Water withdrawal and consumption by sector indicator: data sources and methods, chapter 3

3. Data

3.1 Data source

Data for water withdrawal in 2005, 2007, 2009, 2011 and 2013 by the thermal power generation, manufacturing, households, agriculture, commercial and institutional, mining, and oil and gas sectors are taken from two Statistics Canada tables: Water use in Canada by sector and Physical flow account for water use.Footnote [1],Footnote [2] These tables summarize results from the Industrial Water Survey (IWS),Footnote [3] Agricultural Water Survey (AWS),Footnote [4] Survey of Drinking Water Plants (SDWP)Footnote [5] and Environment Canada's Municipal Water and Wastewater Survey (MWWS).Footnote [6] Data for the seven economic sectors reported in the indicator summarize data from 91 industrial activities classified by Statistics Canada (see Annex A).

The water consumption figures for the thermal power generation, manufacturing and mining sectors are taken directly from the IWS. For the agriculture sector, the factor used to estimate water consumption for 2005, 2007, 2009 and 2011 was obtained from Agriculture and Agri-Food Canada scientists in the Prairie/Boreal Plain Ecozone region. For 2013, the consumption factor was based on a return rate from water use for irrigation in Alberta and applied across the country.Footnote [7] For the households sector, estimates of water consumption were obtained from Environment Canada's MWWS. For the oil and gas sector, estimates of consumption were based on water recycling rates from the Government of Alberta's Oil Sands - Water website.

3.2 Spatial coverage

The IWS includes all Canadian thermal-electric power generating stations. It also samples mines and manufacturing locations across Canada.

The AWS samples Canadian farm operations that irrigate.

The MWWS ended in 2011, with data up to 2009, and surveyed all Canadian municipalities with a population over 1000 and a sample of those with population under 1000 (excluding federal lands and First Nations communities).

The SDWP replaces data from the MWWS and reports data for 2011 and 2013 from drinking water treatment plants across Canada that serve 300 or more people and that are licensed and regulated by provincial/territorial agencies (excluding First Nations communities).

3.3 Temporal coverage

Survey results from the IWS, AWS and MWWS since 2005 and from the SDWP since 2011 have been included in this indicator.

3.4 Data completeness

Water withdrawal and consumption estimates for the thermal power generation, manufacturing and mining sectors were taken from the IWS. The response rate for the thermal-electric component of the IWS was 88% in 2013, 90% in 2011, 84% in 2009, 92% in 2007, and 88% in 2005. For the manufacturing component of the IWS, the response rate was 64% in 2013,Footnote [8] 62% in 2011,Footnote [9] 70% in 2009,Footnote [10] 72% in 2007,Footnote [11] and 70% in 2005.Footnote [12] The response rate for the mining component was 75% in 2013,Footnote [3] 65% in 2011,Footnote [9] 79% in 2009 and 2007, and 70% in 2005.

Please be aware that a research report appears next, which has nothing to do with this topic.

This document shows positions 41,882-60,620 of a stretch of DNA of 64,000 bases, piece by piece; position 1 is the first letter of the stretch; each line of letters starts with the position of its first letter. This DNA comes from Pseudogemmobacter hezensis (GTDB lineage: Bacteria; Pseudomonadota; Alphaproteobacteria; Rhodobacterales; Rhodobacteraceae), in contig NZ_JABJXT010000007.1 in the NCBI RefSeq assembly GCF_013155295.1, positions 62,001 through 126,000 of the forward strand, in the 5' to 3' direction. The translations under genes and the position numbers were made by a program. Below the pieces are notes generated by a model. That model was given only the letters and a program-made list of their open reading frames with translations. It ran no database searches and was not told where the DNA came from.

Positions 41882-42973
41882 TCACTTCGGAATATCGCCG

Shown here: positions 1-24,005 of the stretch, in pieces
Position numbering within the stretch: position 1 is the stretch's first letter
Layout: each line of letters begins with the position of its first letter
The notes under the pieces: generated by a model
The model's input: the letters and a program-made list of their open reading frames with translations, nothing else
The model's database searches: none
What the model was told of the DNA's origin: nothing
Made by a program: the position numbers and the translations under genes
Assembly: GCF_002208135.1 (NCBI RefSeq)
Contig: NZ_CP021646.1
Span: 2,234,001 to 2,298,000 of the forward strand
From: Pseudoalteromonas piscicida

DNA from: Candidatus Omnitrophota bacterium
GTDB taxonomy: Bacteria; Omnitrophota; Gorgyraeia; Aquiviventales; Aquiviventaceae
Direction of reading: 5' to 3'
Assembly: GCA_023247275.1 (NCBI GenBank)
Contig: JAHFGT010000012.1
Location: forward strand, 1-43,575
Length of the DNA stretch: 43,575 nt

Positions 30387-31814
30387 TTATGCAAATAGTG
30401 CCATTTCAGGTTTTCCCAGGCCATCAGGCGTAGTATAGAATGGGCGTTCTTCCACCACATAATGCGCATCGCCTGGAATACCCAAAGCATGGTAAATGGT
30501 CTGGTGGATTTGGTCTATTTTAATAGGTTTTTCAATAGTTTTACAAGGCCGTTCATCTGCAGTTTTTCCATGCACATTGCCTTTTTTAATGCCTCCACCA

Statistics Canada used the AWS to calculate estimates of water withdrawal for agriculture. The response rate for the AWS was 74.3% in 2014,Footnote [13] 75.5% in 2012,Footnote [14] and 57% in 2010.Footnote [15] The 2014 AWS excludes a variety of agricultural practices, such as reserve farms, community pastures, pure hatcheries, and farms producing Christmas trees. Farms with sales of less than $10 000 are also excluded, as are those that reported owning irrigation equipment but did not report any irrigation areas. The seven northernmost drainage regions are also excluded. Imputation was used to deduce the response for a missing or inconsistent field when partial information was available. The 2014 AWS sampled 7937 Canadian farm operations that irrigate.

Water withdrawal estimates for the households and commercial and institutional sectors were based on data from the MWWS and SDWP. Response rates for the MWWS varied by survey year and question. In the 2009 MWWS, residential water service data were available for a responding population of 28 884 690 Canadians. In 2006, residential water service data were available for 28 177 339 Canadians, and, in 2004, the responding population represented 25 454 421 Canadians.Footnote [16]

The SDWP is a census of drinking water plants serving 300 or more people. Treatment plants are asked to report information on volumes of water treated, type of treatment, financial aspects of the operation, as well as the quality of the raw water used as a source for the plant. The survey excludes systems that supply water to communities with less than 300 people and other regulated systems that service schools, camp grounds, commercial establishments, provincial parks, etc. Approximately 2000 drinking water facilities were included in the 2013 SDWP.

Consumption estimates for the households, commercial and institutional, agriculture, and oil and gas sectors were calculated using factors applied to withdrawal estimates from government reports or scientific opinion. Refer to the Methods section for a complete explanation.

3.5 Data timeliness

This indicator uses the most recent survey data available. The IWS is conducted every two years with the most recent results published in October 2015.Footnote [3] The AWS is also conducted every two years; the most recent results were published in September 2015.Footnote [4] The most recent results for the SDWP, conducted every two years, were published in June 2015.Footnote [5] The MWWS was conducted every two to three years from the early 1980s to 2009, with data released approximately two years after the calendar year to which the collected data applied.Footnote [16]

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